Are Vedas valid means of Knowledge?

Nithin Sridhar

In Hindu tradition, Vedas or “Sruti” are held as ultimate “Pramana”. Sruti, Smriti, Itihasa and Puranas are all considered the authority on matters of Karma, Dharma and Moksha-in short the whole religious life. It is often asked, Why should we take Vedas as authority? Why should Vedas be taken as “Shabda Pramana”?

“Pramana” means “valid means of knowledge”. There are various means by which a correct knowledge is obtained. Pratyakṣa (direct perception),Anumāṇa (inference),Shabda (verbal testimony) and Upamana (analogy) are the important valid means mentioned in scriptures.

All these Pramana are used in day to day life. All that we see, hear and perceive by senses are called as “Pratyaksha”. “The water exist, because I can see it, and I can drink it” comes under Pratyaksha. “There is a smoke which I can see, so definitely there must be fire or factory somewhere”- comes under Anumana/Inference. “Similar to Cow, even Yaks provide milk” or “Unlike Tigers, Elephant has tusks”- these come under Upamana or Comparison.

Similarly statements like “John who went to Himalayas says it is very Cold”- comes under Verbal Testimony. So, in the Material world, all the four means of knowledge are used and accepted.

But, when it comes to the questions like- What happens after life? Does a person have only one life or is there after life? Does heaven or hell really exist?, neither direct perception nor inference nor comparison cannot function Independently or on its own because they are not perceivable from Sensory organs. The material world that is perceivable by senses can be understood using perception, inference and comparison but how will one to know about something that is not directly perceivable?

It is in these matters that are not “Laukika”- (that do not belong to this world/direct perception), the “Sruti” is considered the “Shabda Pramana”-the only means of Valid knowledge. In the world, when one has question related to Physical forces that work in Universe, he refers to Physics books. Similarly, to learn about chemicals and organisms, one refers to Chemistry and Biology and not History or sociology books. This is because we refer to only that book which explains about that particular phenomenon. A history book does not speak Physics nor vice versa. Similarly, it is Vedas alone that is the source of Knowledge about things that are beyond the grasp of our senses. Because, there is no other means by which we can know about Dharma, Karma and Moksha- the Vedas are considered the ultimate Pramana.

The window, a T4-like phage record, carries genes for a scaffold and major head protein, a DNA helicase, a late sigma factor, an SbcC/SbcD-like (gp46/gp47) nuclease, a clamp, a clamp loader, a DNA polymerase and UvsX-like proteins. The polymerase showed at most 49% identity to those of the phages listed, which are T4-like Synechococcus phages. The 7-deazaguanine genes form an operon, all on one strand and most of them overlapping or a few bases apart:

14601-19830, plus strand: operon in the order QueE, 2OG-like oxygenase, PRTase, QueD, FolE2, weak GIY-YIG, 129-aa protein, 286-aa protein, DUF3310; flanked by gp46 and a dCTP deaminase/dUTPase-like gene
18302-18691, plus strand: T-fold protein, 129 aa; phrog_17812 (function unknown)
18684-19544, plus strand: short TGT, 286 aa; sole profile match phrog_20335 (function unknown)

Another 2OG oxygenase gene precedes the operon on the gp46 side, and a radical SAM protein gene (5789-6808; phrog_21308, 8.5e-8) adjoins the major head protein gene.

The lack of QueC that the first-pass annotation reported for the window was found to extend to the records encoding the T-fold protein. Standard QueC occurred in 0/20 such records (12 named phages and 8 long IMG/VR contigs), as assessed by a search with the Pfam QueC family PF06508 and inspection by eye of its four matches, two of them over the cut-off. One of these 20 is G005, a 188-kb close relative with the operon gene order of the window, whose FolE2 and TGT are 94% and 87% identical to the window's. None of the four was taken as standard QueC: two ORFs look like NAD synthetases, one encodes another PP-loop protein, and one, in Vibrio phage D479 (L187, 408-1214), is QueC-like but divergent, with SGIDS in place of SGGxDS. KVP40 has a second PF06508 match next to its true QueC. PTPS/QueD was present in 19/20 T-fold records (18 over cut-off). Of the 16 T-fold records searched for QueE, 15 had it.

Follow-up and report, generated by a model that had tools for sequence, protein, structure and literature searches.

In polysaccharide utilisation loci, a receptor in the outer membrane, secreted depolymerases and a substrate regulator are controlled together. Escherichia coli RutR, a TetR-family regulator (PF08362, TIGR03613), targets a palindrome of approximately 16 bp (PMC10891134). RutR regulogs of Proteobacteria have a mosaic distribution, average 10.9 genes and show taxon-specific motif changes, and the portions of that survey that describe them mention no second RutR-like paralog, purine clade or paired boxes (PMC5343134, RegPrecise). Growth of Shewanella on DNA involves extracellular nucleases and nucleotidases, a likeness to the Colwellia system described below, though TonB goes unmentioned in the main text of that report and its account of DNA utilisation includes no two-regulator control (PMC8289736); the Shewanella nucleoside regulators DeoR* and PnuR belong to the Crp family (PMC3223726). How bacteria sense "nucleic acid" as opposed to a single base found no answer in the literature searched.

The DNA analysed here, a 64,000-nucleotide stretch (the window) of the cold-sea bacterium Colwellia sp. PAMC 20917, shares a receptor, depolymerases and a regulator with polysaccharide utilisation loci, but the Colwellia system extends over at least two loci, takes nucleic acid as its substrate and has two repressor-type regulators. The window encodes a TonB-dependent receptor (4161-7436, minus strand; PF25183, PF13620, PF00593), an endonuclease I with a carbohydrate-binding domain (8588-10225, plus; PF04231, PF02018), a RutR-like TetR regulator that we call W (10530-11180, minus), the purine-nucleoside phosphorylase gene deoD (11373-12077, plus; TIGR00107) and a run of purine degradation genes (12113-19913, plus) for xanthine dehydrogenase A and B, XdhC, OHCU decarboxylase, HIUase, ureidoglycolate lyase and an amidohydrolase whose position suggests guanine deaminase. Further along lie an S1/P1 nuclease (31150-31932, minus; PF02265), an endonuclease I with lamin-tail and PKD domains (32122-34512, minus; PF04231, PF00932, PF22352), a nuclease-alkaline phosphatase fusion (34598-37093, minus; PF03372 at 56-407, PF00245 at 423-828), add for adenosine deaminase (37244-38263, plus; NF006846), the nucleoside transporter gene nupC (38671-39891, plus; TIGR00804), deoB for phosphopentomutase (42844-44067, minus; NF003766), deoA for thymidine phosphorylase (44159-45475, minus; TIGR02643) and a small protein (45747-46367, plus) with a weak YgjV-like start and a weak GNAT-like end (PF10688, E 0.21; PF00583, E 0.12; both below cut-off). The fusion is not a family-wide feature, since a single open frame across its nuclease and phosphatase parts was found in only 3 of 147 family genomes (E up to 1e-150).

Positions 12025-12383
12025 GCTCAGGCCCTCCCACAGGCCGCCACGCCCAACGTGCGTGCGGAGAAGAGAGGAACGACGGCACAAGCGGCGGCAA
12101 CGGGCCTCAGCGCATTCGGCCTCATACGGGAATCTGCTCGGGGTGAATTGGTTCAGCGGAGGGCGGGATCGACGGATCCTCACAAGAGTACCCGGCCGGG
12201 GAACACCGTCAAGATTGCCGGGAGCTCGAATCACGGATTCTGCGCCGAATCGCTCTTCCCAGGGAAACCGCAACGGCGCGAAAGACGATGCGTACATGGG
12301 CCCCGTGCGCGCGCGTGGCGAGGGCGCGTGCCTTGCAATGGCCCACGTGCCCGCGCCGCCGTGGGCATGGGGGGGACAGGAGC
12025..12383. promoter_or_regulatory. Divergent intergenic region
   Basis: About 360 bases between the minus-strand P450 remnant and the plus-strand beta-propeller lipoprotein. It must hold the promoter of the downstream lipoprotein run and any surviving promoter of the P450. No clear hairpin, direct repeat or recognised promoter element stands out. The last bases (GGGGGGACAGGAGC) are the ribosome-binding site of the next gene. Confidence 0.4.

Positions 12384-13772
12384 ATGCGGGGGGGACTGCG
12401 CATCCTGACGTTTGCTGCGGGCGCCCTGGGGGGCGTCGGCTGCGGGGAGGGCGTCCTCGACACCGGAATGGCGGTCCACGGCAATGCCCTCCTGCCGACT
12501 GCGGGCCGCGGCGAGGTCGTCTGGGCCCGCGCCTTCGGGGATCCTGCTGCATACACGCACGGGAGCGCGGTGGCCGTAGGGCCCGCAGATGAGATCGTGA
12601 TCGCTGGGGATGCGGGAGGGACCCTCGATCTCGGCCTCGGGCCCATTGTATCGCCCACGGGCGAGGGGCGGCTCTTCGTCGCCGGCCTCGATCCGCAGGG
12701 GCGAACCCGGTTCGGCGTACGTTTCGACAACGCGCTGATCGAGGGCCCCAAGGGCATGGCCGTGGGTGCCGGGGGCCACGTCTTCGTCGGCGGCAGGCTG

If it be asked, what is the proof that Vedas are true? Why should we accept it? The answer is that such questions can be asked about science too. Do we not accept the words of scientists when we read about it in textbooks? It is true that, they have arrived at those solutions after many experiments and analysis. But, the fact is that a common man does not witness those experiments in front of him. Similarly, the Vedic truths have been “Seen” (Directly Realized) by Rishis. There has been different lines of Teachers who have continuously guided the disciples towards Vedic Truth. If it be asked that, just as scientists have been proven wrong many times, even Rishis can be proven wrong and hence, Vedas cannot be accepted as “Pramana”; the answer is that, the Vedas are not created or written by Rishis. Vedas are “Apaurusheya”- that which is not of Human origin. Hence, at highest level Veda is not just “means” to attain Highest Knowledge but “Is” the Highest Knowledge itself. Brahman/God is described as “Satya”, “Jnana” and “Ananta”. Brahman is “Knowledge itself” and hence, it is Brahman who is source of all Knowledge. It is in this sense that, Vedas are described as “Apaurusheya”. Hence, it is God/Brahman himself who has for welfare of world has taken many avataras like Krishna, Dakshninamurthy, Hayagriva etc to reveal “Satya/Truth” to people.

Hence, for a sincere seeker, there should be no doubt regarding Vedas being the ultimate means of Valid Knowledge in matters that are beyond the grasp of senses.


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